Monetize Existing Content First
This was a great tip I got from the Commission Junction advertisers Facebook group. Instead of worrying about how to pick an affiliate that works and creating new content for that post, they recommend you pick your ten highest performing posts and try to put an affiliate within those.
This is what I did and it’s a great way for beginners who aren’t already doing affiliate income to quickly leverage content they have to get started.
Start (Super Duper) Small
The world of affiliate marketing is overwhelming. It seems as if every brand offers an affiliate relationship and you don’t know which are going to work for your audience, what people are going to want to buy, or what’s going to fit in best with your brand.
When I was looking at my top ten posts, I made a list of potential products that would fit, then looked in my affiliate portals to see if any brands were offering an affiliate relationship. Since I make it a brand value of mine a) not to recommend credit cards because of my own bad history with credit and b) to only recommend brands I thoroughly know about and use/love….it narrowed the pool quite a bit.
I’m currently only leveraging six affiliates within my top ten posts and only two new affiliate content pieces. I’d prefer to be a master of a small group first rather than a master of none.
Quantify Your Goals and Track Them Every Day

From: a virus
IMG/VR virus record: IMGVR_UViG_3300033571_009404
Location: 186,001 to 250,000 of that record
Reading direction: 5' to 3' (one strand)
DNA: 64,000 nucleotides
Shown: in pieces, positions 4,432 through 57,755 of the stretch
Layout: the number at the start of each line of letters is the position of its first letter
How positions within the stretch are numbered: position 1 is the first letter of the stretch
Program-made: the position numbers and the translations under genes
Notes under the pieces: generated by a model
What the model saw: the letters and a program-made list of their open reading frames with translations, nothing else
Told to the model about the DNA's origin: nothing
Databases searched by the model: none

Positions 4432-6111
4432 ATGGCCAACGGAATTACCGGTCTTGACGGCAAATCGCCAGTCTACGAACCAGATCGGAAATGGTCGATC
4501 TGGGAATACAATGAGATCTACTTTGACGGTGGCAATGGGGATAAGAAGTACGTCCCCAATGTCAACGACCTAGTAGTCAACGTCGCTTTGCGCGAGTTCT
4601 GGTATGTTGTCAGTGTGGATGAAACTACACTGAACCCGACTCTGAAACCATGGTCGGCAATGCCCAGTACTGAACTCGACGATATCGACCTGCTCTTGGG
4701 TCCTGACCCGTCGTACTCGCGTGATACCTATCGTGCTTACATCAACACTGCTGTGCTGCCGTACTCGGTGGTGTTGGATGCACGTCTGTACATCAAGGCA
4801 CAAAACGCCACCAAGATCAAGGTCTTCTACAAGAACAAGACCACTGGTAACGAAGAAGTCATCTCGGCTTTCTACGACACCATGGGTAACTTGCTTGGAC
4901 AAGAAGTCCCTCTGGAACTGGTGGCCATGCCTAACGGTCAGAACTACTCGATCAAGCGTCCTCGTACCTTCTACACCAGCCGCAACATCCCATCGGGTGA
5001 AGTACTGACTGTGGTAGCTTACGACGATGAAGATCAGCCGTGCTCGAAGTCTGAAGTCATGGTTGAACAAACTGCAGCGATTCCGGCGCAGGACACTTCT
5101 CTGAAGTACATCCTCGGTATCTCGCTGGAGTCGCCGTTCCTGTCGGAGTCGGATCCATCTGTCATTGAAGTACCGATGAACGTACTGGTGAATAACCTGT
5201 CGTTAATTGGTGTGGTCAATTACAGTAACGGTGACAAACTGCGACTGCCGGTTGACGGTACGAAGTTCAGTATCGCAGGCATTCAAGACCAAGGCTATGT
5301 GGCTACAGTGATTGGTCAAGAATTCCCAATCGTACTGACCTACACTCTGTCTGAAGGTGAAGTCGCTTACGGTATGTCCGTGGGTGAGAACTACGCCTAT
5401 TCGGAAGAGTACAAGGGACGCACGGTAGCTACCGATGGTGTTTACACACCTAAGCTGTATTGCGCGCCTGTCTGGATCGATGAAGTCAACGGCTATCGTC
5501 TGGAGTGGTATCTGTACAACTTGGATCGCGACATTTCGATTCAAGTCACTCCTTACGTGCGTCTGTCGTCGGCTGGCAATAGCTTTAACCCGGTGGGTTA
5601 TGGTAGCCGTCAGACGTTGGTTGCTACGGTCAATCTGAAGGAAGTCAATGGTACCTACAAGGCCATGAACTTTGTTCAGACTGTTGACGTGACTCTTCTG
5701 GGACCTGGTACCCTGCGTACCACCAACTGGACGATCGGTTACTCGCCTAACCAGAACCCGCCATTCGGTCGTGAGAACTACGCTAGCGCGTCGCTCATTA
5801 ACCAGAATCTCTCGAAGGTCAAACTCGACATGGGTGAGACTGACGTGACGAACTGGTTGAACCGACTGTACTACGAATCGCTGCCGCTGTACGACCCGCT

It isn’t enough to say, “I want to make affiliate income.”
Goals have to be a little bit smarter than that. (And I’m not just talking SMART goals, which I actually kindof hate.)
- Say you want to make $300 a month at first from affiliates.
- That’s $10 per day.
- And if you leverage an affiliate that pays $5 per lead. You just need 60 leads a month, or 2 per day.
Figuring 2-3% conversion, you can then estimate how much traffic you’d need to each post in order to hit the number of sales you need.
Get strategic, my friends!
Promote, Promote, Promote Again
I’m not saying be pushy. People will get mad. (In fact, I had an email from someone who got mad I was doing “too many sponsored posts” and putting them into my weekly email newsletter. Yikes!)
I’m just saying you can’t put an affiliate link in a post and then leave it. You’ll make more money if you regularly schedule that post on your social media channels.
After all, it’s affiliate marketing. And marketing is a touch point game. Statistically they’ve done studies that prove it takes nearly seven “touches” to get someone to buy. Because you’re a blogger and need to be a bit more authentic with your connections, you’ll have to spread this out over time and promote to your audience in a genuine way, but the point is to always be promoting that content.
It took me awhile to get to this place and the learning curve has been steep, but I’m glad I’m now effectively leveraging affiliate income, especially after focusing on audience building for so long. If you’d like to learn more about making money from a blog, click here to read my tutorial or here to grab the Blog Yourself Rich workbook.